The New York Times may be at its most liberal on the immigration issue, and when President Trump, in a unique live-television session with members of Congress, seemed to warm to the idea of a path to citizenship for illegals, its reporters abruptly warmed to him, at least compared to the “hard-line anti-immigration activists” in his party.
The lead story by Julie Hirschfeld Davis and Sheryl Gay Stolberg on Wednesday, “Trump Receptive To Working Out Citizenship Path," painted a relatively flattering portrait, quite a change from their usual treatment of the President:
President Trump on Tuesday appeared open to negotiating a sweeping immigration deal that would eventually grant millions of undocumented immigrants a pathway to citizenship, declaring that he was willing to “take the heat” politically for an approach that seemed to flatly contradict the anti-immigration stance that charged his political rise.
The Times tempted Trump with chances of political victory, and provided its usual “undocumented” euphemism for illegal immigrants:
But in suggesting that a broader immigration measure was possible next, Mr. Trump was giving a rare public glimpse of an impulse he has expressed privately to advisers and lawmakers -- the desire to preside over a more far-reaching solution to the status of the 11 million undocumented immigrants already living and working in the United States. Passage of a comprehensive immigration law would give Mr. Trump success where Presidents Barack Obama and George W. Bush failed.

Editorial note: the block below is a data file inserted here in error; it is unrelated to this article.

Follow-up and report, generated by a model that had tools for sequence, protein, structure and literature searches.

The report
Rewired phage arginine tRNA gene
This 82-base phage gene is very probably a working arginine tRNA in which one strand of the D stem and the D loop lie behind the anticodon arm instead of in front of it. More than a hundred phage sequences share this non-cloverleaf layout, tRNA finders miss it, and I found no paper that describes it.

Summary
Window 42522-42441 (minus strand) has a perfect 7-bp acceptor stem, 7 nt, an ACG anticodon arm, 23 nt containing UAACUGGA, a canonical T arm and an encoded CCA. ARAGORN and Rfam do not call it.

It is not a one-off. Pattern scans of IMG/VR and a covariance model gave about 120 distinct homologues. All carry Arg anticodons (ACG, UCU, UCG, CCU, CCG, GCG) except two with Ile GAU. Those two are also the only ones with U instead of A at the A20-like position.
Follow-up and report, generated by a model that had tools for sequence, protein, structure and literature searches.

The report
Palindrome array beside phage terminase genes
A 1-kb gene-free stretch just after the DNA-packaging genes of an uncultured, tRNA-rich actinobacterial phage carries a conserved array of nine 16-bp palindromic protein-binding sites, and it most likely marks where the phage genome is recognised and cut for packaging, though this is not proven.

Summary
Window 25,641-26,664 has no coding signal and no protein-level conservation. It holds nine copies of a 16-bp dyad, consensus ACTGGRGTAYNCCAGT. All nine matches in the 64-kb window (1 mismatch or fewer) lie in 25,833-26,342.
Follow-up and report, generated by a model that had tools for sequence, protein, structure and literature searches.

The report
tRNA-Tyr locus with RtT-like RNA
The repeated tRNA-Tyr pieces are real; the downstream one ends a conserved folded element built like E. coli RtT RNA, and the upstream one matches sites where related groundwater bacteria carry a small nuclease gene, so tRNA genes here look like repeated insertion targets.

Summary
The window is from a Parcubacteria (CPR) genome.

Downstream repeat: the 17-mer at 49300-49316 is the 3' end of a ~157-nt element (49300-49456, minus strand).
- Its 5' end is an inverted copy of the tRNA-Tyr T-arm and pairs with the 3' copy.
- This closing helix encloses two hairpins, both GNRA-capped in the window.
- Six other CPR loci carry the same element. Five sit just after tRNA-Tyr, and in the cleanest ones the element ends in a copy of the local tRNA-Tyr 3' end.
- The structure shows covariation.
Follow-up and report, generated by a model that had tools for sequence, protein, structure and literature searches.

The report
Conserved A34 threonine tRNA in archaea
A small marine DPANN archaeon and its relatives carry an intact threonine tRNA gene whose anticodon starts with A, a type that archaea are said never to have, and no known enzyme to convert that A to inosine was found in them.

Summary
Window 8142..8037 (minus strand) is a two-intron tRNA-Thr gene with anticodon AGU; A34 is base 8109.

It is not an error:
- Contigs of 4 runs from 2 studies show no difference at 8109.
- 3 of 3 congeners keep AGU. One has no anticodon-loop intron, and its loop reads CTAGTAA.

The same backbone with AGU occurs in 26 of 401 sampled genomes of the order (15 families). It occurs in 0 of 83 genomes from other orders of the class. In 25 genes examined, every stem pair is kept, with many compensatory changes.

The push for an immigration deal with Democrats has the potential to alienate the hard-line anti-immigration activists who powered his political rise and helped him win the presidency, many of whom have described it as amnesty for lawbreakers. If he succeeds, it could be compared to Richard Nixon’s historic trip to China. Only an anti-Communist hard-liner could have made the opening acceptable to his supporters.
But the comments earlier Tuesday were a remarkable break with the divisive messaging that propelled Mr. Trump to the White House and the harsh policies that have defined his first year in office, marked by efforts to demonize and deport immigrants who have entered the country illegally.
A related “news analysis” from Peter Baker relished the potential for an agreement on amnesty for illegals, while giving the president points for “constructive engagement” on an issue the Times is obsessed with: “A Presidential Show, Unfolding for the Cameras”:
For 55 minutes, with cameras rolling, President Trump engaged in a vigorous discussion of immigration with congressional leaders of both parties in a setting usually reserved for bland talking points and meaningless photo opportunities.
No liberals in the paper’s coverage, but it managed to find conservatives:
As in the past, however, Mr. Trump got immediate pushback on Tuesday from conservative allies who quickly accused him of betraying the very promises he won the presidency on....
Online, reporter Michael Shear offered “6 Dramatic Moments in Trump’s Unusual Immigration Session” online, with the usual “undocumented” labeling, while framing conservatives as angry immigrant-haters:
Mr. Graham has always been a blunt-spoken proponent of a comprehensive immigration overhaul, often sparking fury from conservative hard-liners. But in Tuesday’s meeting, his embrace of a “pathway to citizenship” for 11 million illegal immigrants undercut conservatives in the room by prodding Mr. Trump to publicly endorse that idea for the first time.